In a bid to expand its children’s franchise into an increasingly competitive daypart, PBS on Sept. 30 will launch Bookworm Bunch, a block of six new animated series slated for Saturday mornings. Produced by Toronto-based Nelvana Communications, Bookworm Bunch is PBS’s first offering of original children’s fare for weekends — when stations traditionally program their own selection of how-to programs and other fare. PBS created the block as a distinctive alternative to the rock ’em-sock ’em, boy-oriented fare aired by other broadcast networks on Saturdays. “It’s a tremendous thing that PBS is doing — something that’s almost revolutionary — in presenting American children with an alternative to what I call ‘toxic television,'” said Rosemary Wells, author of Timothy Goes to School, one of six children’s books to be adapted for TV in the new PBS Kids block.
Teletubbies haven’t officially landed in the U.S. public TV schedule yet, but they’ve already roused controversy in Britain and landed a great big licensing deal over here. Hasbro, makers of Playskool Baby and other major toy brands, will introduce a range of Teletubbies products–soft toys, figures, games, puzzles, bath toys and other items–by next fall. “It was important to find a partner who understands that young children need to be nurtured, not exploited,” said Kenn Viselman, president of the itsy bitsy Entertainment Co., which holds licensing rights to Teletubbies in the U.S. and Canada. Teletubbies, the children’s TV program that sparked both a craze and outrage in Britain with its debut on BBC2 this year, will begin airing on PBS’s Ready to Learn Service in April. If the British response to the show is any indication of what to expect from U.S. audiences, brace yourselves for a consumer grabfest of purple dinosaur proportions.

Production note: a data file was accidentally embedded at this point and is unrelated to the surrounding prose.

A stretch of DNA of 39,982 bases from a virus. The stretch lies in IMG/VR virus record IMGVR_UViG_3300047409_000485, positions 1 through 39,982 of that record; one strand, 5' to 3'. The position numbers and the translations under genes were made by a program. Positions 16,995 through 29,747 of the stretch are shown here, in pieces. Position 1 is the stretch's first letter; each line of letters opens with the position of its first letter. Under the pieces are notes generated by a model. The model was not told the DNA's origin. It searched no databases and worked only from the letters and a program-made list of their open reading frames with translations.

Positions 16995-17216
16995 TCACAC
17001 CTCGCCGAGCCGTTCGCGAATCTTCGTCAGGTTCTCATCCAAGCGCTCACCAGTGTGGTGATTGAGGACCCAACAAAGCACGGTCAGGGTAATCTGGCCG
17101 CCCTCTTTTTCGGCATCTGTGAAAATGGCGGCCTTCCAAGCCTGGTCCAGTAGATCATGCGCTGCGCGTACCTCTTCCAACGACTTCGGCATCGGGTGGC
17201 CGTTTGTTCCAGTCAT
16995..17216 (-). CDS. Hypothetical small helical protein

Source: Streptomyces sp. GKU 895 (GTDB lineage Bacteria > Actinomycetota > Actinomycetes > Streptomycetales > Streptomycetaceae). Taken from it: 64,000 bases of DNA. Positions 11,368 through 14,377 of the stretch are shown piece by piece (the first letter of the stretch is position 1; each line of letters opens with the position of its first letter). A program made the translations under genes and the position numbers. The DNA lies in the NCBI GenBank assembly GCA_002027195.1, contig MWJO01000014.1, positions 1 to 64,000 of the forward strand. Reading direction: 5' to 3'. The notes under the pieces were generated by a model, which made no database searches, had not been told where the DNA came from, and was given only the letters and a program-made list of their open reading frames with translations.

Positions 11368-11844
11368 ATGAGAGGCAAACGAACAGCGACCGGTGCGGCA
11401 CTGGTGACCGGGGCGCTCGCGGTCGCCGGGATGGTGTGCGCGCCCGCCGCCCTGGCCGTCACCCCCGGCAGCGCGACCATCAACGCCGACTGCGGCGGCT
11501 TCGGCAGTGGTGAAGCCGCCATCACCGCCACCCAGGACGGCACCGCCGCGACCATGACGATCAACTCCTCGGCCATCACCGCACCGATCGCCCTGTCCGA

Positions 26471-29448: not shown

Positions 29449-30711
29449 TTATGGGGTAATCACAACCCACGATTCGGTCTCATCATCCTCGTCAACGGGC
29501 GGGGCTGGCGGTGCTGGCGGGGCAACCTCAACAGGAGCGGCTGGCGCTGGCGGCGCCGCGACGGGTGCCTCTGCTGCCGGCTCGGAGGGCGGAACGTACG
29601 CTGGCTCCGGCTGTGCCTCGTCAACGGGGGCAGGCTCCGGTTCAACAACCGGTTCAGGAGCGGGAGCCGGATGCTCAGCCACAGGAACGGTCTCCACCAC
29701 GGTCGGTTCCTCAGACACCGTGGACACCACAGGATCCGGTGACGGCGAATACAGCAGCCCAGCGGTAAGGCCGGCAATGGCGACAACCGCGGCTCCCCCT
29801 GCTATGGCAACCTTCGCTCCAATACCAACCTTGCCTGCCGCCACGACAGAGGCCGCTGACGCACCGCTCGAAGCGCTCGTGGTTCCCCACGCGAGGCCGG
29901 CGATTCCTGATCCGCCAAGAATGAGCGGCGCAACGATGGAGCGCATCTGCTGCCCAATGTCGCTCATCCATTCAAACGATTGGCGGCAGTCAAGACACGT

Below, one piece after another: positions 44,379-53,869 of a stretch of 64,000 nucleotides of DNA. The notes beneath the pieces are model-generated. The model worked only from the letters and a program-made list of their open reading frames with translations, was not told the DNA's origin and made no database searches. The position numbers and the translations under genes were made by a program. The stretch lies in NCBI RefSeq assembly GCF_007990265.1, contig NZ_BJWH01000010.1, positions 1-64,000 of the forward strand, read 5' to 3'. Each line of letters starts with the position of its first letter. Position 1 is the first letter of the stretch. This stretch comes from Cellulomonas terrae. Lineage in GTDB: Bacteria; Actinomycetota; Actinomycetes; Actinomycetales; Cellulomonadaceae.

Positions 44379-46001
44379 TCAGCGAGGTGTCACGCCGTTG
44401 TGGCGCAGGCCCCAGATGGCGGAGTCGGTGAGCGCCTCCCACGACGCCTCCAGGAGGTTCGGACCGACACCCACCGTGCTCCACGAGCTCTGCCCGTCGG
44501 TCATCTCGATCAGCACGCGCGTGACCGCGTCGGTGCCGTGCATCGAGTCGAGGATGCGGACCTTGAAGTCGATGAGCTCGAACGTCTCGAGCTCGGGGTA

The late George Gerbner, a leading scholar of TV program content, wrote this article for the 40th anniversary of Mister Rogers Neighborhood, but it served the additional purpose of explaining why he founded the Cultural Environment Movement in 1996 after leaving the University of Pennsylvania, where he was dean of the Annenberg School of Communication. The article appeared in Mister Rogers’ Neighborhood: Children, Television and Fred Rogers, a collection of diverse essays published by the University of Pittsburgh Press. There is a story about a mother who said to her child, “I wish you would change your behavior.” The child said, “That’s all right, Mother; Mr. Rogers loves me as I am.” Forty years in children’s television — with an approach that is so different from so many other programs— is an event of historic significance.